/  October 3, 2014

    Something has got to give.

    Reply
    • We need to actively help the natural world. Stop eating animals. Stop killing them. Do our damnedest to halt climate change. Work hard to help them recover.

      It’s their world as well as ours and we all can play a part in keeping it alive and life-sustaining.

      Reply
  3. So, so sad! We have to do something “en masse” and right now!

    Reply
  4. 35000 on the photo? That’s a lot. Everybody reproduce the same foto. 3000 is more accurate.

    Reply
    • So now we are reduced to quibbling over counting walruses in aerial photos?

      Well, anyone with even rudimentary skills in grid analysis given the length, breadth and density of this group could well tell you the picture indicates tens of thousands.

      But I suppose it’s quite possible that accurate statistical analysis is yet one more government conspiracy😉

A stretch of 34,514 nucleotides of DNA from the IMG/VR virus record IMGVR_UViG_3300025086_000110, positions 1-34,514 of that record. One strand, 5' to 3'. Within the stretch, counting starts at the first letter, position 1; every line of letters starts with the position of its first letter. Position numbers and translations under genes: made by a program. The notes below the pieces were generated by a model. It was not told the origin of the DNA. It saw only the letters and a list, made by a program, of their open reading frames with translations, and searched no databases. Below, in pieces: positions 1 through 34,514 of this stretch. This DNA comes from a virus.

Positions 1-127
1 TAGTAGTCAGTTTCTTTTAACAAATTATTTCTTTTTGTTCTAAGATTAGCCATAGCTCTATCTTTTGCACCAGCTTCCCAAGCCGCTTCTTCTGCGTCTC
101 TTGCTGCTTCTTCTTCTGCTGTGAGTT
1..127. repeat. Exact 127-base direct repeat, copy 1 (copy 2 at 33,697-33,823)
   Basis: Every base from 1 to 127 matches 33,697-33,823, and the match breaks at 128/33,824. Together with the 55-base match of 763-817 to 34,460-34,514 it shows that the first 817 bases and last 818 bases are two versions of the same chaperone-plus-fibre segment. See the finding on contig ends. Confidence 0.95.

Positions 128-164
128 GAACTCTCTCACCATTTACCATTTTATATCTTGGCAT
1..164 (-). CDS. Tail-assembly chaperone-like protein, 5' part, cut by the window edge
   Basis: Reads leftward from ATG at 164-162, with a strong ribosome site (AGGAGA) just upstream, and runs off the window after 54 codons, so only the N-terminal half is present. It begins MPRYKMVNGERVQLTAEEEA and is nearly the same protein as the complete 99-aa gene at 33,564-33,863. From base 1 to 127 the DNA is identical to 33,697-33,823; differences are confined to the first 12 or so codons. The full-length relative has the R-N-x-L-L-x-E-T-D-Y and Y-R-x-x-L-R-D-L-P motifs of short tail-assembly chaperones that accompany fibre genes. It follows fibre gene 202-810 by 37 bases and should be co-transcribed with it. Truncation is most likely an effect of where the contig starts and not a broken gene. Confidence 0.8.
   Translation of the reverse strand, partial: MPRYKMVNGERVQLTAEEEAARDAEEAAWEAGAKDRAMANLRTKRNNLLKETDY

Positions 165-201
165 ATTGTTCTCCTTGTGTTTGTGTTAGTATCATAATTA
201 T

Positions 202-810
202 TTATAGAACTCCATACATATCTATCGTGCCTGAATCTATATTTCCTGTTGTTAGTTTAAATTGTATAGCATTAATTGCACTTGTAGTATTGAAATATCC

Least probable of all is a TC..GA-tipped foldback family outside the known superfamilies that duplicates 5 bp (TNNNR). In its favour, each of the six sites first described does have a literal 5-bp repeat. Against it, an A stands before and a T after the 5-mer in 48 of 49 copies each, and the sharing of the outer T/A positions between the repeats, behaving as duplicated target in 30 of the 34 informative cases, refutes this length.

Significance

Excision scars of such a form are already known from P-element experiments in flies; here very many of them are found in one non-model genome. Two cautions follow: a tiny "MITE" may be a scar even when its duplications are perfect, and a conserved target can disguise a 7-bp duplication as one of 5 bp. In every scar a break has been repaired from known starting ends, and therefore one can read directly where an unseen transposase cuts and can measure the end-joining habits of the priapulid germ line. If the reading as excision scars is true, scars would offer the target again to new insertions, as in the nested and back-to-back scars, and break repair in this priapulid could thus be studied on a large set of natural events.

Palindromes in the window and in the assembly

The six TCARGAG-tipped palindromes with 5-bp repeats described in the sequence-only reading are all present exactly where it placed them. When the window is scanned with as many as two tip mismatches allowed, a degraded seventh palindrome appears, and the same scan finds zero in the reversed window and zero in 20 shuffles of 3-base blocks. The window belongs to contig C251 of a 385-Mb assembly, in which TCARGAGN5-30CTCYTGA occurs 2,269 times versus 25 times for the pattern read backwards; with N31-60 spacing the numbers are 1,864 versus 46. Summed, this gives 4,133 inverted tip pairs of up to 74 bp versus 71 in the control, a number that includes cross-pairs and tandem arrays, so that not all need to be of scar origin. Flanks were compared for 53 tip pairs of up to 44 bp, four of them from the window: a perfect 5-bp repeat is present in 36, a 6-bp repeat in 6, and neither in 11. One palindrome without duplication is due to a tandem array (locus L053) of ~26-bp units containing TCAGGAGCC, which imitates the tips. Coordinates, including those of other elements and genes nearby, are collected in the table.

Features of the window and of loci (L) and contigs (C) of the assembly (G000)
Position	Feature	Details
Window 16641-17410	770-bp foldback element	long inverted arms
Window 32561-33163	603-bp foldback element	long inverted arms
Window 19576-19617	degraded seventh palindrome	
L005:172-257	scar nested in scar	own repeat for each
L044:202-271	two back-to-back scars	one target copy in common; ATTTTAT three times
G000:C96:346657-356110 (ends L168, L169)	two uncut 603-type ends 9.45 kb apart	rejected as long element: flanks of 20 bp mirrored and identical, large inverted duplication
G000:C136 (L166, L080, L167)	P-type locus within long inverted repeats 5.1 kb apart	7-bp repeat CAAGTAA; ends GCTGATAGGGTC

Reply
  5. Loni

     /  October 3, 2014

    Thank you for the post Robert, more and more of us, (animals included), are getting backed into corners.
    Just a quick story, I was trying to get Dr. Guy McPherson here to my local area in Northern Calif. while he is on a speaking engagement in the north state, so I called the local University Geological Dept. to see if I could enlist their help. After giving a rather in depth and concise account of the world, as I understand it, after about eight minutes, the person said, “Are you talking about the Permian Extinction?” I realized I had not been clear enough, so I asked, “How is your department dealing with the news of the methane volcanoes in Siberia?” The question was met with a long silence.